Review: “Black Widow Volume 1: A Finely Woven Thread” by Nathan Edmondson and Phil Noto

 

Review of Black Widow Volume 1: A Finely Woven Thread by Nathan Edmondson and Phil Noto. A review by Courtney.

This volume has been sitting on my shelf for a while, and for some reason I just kept putting off reading it. I picked it up because of the hype of the Avengers, and Black Widow’s story has always been really intriguing to me. Black Widow is the most human of the Avengers in that she doesn’t have any superpowers, she isn’t a god and she doesn’t have a super suit. I was very curious about what a solo Black Widow story would entail. I was also initially concerned with the art in the this book; under the wrong hand Natasha could have been turned into just a boring sex symbol and I was really hoping that would not be the case.

Black Widow starts off full of action and with a bang. We quickly learn though that her driving purpose in life is not revenge but redemption, which is refreshing in light of the expanse of super heroes motivated by revenge stories currently circulating. Natasha (Black Widow) does not let anyone decide her moral compass as she rights the wrongs she can. We learn that she is supporting a number of people financially which is part of why she takes her assassin jobs. This volume also explored an interesting idea of what “home” is and how you end up caring even when you try hard not to.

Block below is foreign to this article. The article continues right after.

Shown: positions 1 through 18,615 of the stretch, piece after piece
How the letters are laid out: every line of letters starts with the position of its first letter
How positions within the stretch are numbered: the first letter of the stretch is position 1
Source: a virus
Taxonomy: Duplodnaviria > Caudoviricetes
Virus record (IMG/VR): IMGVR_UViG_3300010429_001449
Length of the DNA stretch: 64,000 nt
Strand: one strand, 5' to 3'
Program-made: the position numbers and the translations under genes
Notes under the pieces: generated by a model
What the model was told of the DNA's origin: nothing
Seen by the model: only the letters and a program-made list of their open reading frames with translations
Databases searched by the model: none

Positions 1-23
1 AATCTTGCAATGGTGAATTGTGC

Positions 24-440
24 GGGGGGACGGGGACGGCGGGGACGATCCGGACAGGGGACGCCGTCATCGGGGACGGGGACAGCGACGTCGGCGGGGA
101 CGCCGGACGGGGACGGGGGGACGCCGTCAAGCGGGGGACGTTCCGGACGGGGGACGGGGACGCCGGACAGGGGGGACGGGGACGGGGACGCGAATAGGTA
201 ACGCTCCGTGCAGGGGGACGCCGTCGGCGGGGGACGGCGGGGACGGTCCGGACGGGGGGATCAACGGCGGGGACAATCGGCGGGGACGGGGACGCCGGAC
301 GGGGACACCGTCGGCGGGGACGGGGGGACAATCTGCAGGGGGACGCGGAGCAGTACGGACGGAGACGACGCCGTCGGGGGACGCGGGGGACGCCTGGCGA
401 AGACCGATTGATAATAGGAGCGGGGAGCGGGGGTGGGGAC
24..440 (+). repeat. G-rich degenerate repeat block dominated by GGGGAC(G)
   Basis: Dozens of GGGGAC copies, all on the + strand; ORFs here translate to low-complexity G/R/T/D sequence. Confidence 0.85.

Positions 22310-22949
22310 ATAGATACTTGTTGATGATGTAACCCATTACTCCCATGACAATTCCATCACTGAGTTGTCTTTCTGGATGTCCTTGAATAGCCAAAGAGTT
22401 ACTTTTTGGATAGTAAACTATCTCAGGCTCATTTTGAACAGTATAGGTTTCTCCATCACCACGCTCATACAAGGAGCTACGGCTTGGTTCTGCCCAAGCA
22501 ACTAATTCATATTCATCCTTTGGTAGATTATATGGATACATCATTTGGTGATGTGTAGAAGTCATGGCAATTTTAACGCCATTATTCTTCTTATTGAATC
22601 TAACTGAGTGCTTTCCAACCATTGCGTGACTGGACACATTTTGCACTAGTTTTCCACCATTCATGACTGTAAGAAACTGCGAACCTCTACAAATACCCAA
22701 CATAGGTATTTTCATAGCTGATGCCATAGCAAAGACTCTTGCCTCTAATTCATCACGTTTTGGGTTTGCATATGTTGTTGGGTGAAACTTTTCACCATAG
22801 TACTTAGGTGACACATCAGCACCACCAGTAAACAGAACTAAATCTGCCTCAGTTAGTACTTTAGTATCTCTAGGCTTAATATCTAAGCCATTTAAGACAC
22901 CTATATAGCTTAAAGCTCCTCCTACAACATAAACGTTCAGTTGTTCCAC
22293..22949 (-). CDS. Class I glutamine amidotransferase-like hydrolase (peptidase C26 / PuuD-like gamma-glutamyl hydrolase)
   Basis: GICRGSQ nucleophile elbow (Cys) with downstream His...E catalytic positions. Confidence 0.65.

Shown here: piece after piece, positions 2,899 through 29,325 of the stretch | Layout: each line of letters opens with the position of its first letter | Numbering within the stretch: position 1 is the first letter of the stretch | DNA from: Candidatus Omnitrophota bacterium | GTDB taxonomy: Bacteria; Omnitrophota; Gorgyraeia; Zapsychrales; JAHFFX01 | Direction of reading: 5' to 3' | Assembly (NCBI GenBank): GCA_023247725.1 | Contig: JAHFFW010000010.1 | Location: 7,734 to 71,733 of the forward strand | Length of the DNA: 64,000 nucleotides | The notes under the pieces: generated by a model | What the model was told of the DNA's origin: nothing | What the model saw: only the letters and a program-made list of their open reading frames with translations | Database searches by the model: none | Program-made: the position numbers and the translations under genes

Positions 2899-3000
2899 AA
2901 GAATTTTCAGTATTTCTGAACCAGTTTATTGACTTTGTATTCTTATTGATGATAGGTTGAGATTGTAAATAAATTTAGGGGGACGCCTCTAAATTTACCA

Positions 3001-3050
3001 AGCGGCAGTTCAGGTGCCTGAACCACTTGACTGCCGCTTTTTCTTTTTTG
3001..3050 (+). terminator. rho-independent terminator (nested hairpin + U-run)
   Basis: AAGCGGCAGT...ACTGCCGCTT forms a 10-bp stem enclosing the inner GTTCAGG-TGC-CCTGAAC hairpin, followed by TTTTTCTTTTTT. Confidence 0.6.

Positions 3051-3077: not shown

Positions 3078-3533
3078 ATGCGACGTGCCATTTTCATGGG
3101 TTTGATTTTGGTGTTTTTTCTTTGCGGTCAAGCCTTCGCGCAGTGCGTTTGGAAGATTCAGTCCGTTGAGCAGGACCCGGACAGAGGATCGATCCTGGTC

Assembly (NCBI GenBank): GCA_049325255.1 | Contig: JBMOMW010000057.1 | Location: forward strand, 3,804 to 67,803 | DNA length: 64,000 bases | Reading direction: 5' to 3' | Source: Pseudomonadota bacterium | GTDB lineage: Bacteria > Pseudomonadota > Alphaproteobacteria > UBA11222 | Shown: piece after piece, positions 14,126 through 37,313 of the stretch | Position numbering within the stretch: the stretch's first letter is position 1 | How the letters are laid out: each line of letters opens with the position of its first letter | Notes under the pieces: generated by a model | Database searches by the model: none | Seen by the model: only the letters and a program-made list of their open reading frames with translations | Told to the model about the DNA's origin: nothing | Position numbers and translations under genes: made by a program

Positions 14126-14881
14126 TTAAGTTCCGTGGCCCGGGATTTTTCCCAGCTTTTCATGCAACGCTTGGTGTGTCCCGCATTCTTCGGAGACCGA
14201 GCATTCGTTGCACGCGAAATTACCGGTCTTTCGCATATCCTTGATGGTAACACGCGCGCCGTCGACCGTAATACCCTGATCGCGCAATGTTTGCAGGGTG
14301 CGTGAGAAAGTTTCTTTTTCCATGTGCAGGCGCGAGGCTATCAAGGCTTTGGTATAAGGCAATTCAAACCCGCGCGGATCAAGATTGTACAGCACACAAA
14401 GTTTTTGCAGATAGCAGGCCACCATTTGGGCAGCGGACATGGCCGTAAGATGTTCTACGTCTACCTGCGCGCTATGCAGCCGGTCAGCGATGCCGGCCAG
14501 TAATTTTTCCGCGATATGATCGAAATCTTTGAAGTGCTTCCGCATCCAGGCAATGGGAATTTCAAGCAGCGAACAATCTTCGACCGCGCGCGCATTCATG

One of my favorite things about this book is the art. I don’t think I’ve ever really raved about art in a comic book as much as I do about the art in this book. The pages look like they’ve been painted and it gives Natasha a much more down-to-earth-real-vibe. I also enjoyed that in this volume there are no love interests, it’s very much a redemption, figuring your sh*t out story. I liked that she was flawed and had trouble trusting her own instincts sometimes even when she knew better. Natasha kicks a lot of butt as well and there is plenty of action for those that need it. I was surprised at how much I related to Natasha, but her unrealized search for home and belonging really resonated with me.

I really enjoyed Volume 1 and will try to get my hands on Volume 2 when I can because I am intrigued about her journey and look forward to seeing where Natasha goes next. I would recommend this book to ages 14 and up because of the level of violence. If you enjoyed Matt Fraction’s Hawkeye, I would consider picking this up because there were Hawkeye vibes periodically.

My rating: 4.5/5 stars.

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